Prior to his hospitalization eight months ago, Mr. Smith’s spouse had prepared all the meals and, as a result, he possessed limited knowledge of diabetic diets or meal preparation. Having been widowed during his hospitalization, Mr. Smith would now be required to manage his own dietary needs on discharge.  After completing a comprehensive nursing assessment, universal self-care deficits were identified in dietary management, medication management and altered social interaction.  Nursing interventions based on a partly compensatory nursing system (Orem, 1985) would be required on discharge.

 

Interventions to Facilitate Diabetic Management in the Community

 

Donaldson, Rutledge, and Pravikoff  (2000) identify education as the core to diabetic self-management.  This is supported by Christensen and Kenny (1990), who emphasizes that assessment of each individual’s capacities, is required in order to tailor educational programs to one’s specific needs. Nurses need to work collaboratively with the patient to ensure that they have common educational goals. An educational plan developed in isolation may be contrary to the beliefs of the patient. Acceptance of the educational plan is essential to facilitate ‘buy in’ by the client. Clients should therefore be included in the overall planning process whenever possible (Meidenbauer, 2000).

 

Anxious to return home, Mr. Smith was motivated to participate in educational sessions. In preparation for his discharge, a medication-teaching plan was completed. It included a review of concepts related to insulin therapy, particularly the importance of exact dosages and rotation of sites for maximum absorption (Patrick, 1997).  To minimize pain at injection sites, Mr. Smith was taught to store insulin at room temperature, wait for the alcohol that was used to cleanse the site to dry before injecting, inject at a 90° angle and not to reuse needles (Patrick, 1997). Due to Mr. Smith’s decreased vision, the nurse conducted a trial with an insulin pen to determine if this device would allow the client to be independent with his insulin therapy. However, the client was unable to learn the processes to successfully manipulate the insulin pen. Therefore, the nurse arranged for Mr. Smith to have preloaded syringes, which he could manipulate successfully upon his discharge to home.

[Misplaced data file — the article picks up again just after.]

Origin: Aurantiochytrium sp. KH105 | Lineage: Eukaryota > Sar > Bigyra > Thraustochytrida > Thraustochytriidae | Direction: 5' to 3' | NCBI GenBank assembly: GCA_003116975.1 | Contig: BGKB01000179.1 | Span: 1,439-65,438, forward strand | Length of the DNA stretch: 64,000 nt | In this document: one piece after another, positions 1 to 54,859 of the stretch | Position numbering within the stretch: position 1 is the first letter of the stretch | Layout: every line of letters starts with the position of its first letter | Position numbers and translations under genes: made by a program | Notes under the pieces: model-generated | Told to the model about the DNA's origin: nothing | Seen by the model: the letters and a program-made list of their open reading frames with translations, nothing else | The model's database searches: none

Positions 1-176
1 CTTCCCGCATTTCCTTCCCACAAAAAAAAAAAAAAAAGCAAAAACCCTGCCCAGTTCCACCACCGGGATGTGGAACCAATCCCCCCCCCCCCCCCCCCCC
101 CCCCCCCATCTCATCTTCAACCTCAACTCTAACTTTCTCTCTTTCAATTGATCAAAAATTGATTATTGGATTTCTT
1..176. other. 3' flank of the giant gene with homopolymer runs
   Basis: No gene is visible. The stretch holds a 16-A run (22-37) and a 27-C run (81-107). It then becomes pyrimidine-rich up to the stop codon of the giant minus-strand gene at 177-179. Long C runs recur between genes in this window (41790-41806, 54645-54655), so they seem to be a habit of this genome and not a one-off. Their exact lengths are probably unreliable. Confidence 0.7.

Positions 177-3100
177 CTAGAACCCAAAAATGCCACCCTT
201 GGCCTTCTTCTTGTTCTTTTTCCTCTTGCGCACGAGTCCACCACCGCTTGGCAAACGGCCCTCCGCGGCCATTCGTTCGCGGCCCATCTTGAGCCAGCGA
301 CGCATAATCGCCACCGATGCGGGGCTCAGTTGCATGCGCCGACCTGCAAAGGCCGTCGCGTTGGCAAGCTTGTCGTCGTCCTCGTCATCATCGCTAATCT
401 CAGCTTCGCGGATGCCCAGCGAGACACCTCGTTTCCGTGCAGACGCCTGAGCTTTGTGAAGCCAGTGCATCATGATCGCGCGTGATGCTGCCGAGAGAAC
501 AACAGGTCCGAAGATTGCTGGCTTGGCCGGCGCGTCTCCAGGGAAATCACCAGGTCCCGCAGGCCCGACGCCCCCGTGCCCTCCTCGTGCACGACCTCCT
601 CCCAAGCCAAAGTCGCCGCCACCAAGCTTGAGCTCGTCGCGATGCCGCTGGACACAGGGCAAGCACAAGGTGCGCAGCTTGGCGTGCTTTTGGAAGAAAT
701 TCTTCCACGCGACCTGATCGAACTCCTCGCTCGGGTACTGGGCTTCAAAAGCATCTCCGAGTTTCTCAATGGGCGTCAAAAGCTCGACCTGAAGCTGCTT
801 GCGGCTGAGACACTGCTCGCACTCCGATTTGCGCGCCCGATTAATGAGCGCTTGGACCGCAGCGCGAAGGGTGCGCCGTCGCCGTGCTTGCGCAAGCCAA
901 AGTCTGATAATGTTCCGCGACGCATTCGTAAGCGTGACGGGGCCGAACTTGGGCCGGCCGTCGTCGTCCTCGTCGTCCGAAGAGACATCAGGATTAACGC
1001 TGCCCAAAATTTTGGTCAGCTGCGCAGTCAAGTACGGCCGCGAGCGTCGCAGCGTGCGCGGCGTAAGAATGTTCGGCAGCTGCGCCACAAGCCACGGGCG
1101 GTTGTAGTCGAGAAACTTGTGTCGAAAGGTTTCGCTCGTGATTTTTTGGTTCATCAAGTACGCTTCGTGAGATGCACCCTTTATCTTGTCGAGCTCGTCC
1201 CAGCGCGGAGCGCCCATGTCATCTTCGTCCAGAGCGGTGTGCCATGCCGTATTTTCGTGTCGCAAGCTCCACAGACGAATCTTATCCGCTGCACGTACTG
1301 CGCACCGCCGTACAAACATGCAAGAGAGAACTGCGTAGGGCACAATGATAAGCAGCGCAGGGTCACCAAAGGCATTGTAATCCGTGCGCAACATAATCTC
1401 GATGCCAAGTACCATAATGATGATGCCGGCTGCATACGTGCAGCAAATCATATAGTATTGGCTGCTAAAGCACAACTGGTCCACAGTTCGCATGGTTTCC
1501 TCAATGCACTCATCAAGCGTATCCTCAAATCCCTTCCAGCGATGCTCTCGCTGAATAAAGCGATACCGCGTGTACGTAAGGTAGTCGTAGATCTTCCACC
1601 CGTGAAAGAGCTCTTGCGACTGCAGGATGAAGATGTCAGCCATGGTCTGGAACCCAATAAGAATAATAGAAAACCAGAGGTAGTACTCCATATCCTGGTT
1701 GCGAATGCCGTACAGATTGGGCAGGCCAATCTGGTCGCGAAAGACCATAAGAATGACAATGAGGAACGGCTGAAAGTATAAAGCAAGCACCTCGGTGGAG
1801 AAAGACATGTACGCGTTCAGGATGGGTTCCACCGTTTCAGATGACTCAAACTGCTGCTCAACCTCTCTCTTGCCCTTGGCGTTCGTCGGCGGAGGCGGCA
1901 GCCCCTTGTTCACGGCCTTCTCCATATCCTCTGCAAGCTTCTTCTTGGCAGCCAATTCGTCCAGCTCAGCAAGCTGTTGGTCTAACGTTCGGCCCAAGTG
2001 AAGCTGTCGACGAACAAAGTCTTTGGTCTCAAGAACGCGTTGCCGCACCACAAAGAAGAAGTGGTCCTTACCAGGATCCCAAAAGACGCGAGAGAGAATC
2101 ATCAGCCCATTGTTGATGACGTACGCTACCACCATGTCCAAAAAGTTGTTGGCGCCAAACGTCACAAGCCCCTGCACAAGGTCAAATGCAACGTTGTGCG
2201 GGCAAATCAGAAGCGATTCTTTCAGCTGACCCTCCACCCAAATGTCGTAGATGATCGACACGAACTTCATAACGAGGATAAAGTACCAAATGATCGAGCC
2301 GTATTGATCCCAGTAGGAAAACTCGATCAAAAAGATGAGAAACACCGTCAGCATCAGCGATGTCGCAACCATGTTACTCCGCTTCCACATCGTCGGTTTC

In addition to insulin therapy, Mr. Smith had an extensive oral medication regime. McGraw and Drennan (2001) have reported non-adherence to medication regimes by the elderly. Illustrative examples of reasons identified for the latter include decreased memory and vision, poor social support and unpleasant side effects from the medication. As memory and vision deficits were identified as potential barriers for Mr. Smith to successfully manage his oral medications, the use of a medication dispenser was initiated to facilitate his adherence to the prescribed oral medication regime. Weekly filling of the medication dispenser by a community pharmacy with additional monitoring to be done by the Home Care nurse was organized.

 

The nurse reviewed diabetic diet requirements with Mr. Smith by using a food pyramid, which assists clients to understand recommended food groups and choices (Meidenbaur, 2000). Barry (2000) identifies the need for ongoing reinforcement of education with older people because they require additional time to integrate new knowledge. To reinforce diabetic education for Mr. Smith, the nurse provided written literature about the value of insulin therapy, self-injection techniques, rotation of injection sites and a copy of the food pyramid. 

 

Evaluating the Mr. Smith’s assimilation of the discharge education is also very important.  The nurse evaluating this determined that although he was capable of participating in his self-care, he would require nursing intervention through a partially compensatory nursing system in order to return to community living without the support of his spouse. As indicated by his numerous demonstrations to nursing staff, Mr. Smith was proficient with self-injection of insulin. Due to decreased visual acuity, he was unable to prepare the syringes accurately and Home Care nurses would be required to preload insulin syringes on discharge.  Diabetic Meals on Wheels was suggested to ensure appropriate food choices, particularly because the client had limited knowledge and no desire to cook.  Regular review of the clients’ actual food consumption should also be included as part of the overall diabetic monitoring completed by the Home Care nurse.